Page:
(yes, I heard N-Sync on the radio the other day…but I digress)
It’s been about one year.
That’s how long it’s been and funny, the weather has been eerily identical to the day I crashed. Rainy, drizzly, cold – icky.
But, a lot else has changed. I’ve taken a break from blogging because I’ve been processing. I’ve actually been processing for a year, and you just can’t go through a life-changing event without, well, changing.
First off – I’m so thankful to be here and to have recovered so darn quickly. I still have numbness in my chin, lower lip and forehead. I have a perma-lump on my thigh…but otherwise, I feel good. Really a gift from the universe.
I’ve done multiple running events — had fun at half-marathons, did the indoor tri with my kids and even ran the Boston marathon (now that was an amazing experience) — and feel capable. I have my days, but we all do.
Nothing to complain about, but then…
I get on my bike.
Now let me start with the fact that I’ve never loved riding my bike. It was something to overcome. Lately, it’s been worse – worse than starting over. I can’t quite explain. I’ve had bouts of dizziness, but that’s not all.
It’s not that I’m psychologically freaked out by riding – well, my legs do freeze up and I get butterflies in my stomach occasionally while on the bike. Not the good kind of butterflies, either. I guess I feel unsafe and can really, truly visualize the consequences if things go wrong. It’s not a theoretical.
In training for Ironman Boulder 703., coming up in just 2 weeks, I’ve hit a couple 2-hour rides and frankly, couldn’t wait until they were over. It’s not just the uneasiness that permeates the whole ride, but the fact that I just don’t love riding my bike. I’d rather run, do the incline or hike another beautiful trail than spend miserable hours on the road on the bike where I don’t feel like I can look around without risking my safety. I really can see how someone would enjoy biking – so don’t get me wrong – it’s free and a bit wild. It’s just not for this girl who isn’t a fan of skiing or rollercoasters either.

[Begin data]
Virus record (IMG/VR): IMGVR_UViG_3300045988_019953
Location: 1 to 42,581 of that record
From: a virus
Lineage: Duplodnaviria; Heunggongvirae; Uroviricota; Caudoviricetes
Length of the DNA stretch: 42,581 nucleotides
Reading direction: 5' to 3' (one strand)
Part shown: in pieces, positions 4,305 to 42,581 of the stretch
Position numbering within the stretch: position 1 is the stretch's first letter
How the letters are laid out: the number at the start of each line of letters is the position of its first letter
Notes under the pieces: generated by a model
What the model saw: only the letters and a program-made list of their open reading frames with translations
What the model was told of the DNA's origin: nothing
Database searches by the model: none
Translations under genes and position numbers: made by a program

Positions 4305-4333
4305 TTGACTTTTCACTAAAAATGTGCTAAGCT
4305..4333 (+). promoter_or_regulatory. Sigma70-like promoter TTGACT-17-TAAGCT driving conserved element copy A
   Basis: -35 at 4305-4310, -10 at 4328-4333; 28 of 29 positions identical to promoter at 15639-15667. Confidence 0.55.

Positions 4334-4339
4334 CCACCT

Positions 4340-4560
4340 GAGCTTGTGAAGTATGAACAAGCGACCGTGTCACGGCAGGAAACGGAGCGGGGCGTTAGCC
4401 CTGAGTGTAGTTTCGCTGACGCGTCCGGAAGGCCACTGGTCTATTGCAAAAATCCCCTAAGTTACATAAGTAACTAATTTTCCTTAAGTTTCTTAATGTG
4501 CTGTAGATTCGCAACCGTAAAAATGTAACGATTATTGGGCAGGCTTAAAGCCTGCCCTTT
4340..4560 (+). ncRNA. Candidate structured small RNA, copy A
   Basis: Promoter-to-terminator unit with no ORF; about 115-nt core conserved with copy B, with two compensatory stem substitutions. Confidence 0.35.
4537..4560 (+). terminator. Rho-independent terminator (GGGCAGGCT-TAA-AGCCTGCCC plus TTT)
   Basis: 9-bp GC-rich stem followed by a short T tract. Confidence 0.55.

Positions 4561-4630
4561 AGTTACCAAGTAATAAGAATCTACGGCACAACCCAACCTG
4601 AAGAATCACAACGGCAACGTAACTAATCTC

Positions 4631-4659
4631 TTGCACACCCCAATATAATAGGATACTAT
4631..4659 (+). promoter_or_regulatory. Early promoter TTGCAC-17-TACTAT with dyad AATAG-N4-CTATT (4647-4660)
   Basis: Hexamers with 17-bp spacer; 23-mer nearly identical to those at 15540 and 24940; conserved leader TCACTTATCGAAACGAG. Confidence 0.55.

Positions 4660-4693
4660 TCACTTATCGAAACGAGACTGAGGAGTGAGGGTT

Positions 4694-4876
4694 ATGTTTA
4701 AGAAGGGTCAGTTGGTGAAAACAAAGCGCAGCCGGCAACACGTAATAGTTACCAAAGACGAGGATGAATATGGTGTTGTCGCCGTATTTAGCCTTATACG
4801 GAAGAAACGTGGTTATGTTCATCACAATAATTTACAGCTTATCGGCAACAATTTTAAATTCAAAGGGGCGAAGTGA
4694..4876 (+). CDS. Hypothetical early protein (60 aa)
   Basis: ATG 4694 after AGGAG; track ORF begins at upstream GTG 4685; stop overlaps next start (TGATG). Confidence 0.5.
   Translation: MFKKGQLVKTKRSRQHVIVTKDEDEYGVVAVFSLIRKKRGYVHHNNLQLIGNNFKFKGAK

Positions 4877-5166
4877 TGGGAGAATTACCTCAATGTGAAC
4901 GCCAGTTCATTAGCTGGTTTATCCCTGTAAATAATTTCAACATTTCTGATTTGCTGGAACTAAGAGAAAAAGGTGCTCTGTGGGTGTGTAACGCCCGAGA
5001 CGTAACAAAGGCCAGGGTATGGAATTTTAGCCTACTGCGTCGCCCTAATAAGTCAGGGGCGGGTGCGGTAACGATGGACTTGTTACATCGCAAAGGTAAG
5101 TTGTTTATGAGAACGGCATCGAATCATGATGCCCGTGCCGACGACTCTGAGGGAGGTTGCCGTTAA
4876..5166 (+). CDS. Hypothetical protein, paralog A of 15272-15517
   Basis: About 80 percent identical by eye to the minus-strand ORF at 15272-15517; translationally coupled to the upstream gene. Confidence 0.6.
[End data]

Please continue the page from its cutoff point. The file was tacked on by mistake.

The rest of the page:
I also have to admit – biking makes me a bit bored.
This last Thursday, I realized:
- I don’t have to put myself through this. Triathlon is supposed to be fun for me. I’m not going to win anything. If it isn’t fun, WHY am I doing it?
- I’ve proved I can overcome fear on the bike. I’ve done a few structured rides — the MS 150, Elephant Rock (twice). All of these were something I had to prove to myself I could do. I proved.
- Heck, I’m an Ironman. I don’t need to do it again.
The thought of 3 hour, 5 hour…6 and 7 hour training rides fill me with dread. These rides aren’t fun events, they’re a cross to bear. But it’s been borne – and I’m done.
Yes, I’m giving up triathlon…at least for now. I’ve learned to never say never. I could very well get into an Olympic or Sprint for fun – or not.
It’s very much a relief to not be doing the race in a few weeks, but I do feel a little mournful. For four years, I’ve had triathlon on the brain – even last year after crashing I felt like it was still very much a part of my life. But, there’s so much more that I’ve put off to cycle and swim and run – I’m going to go find those things. Of course, I’ll still be training for the Ascent, a few halves and a fall marathon. I’m not going away, just shifting focus back to where it once was.
Triathlon has taught me a lot — most of all that I can overcome when I put my mind to it. But, when that drive goes….so do I.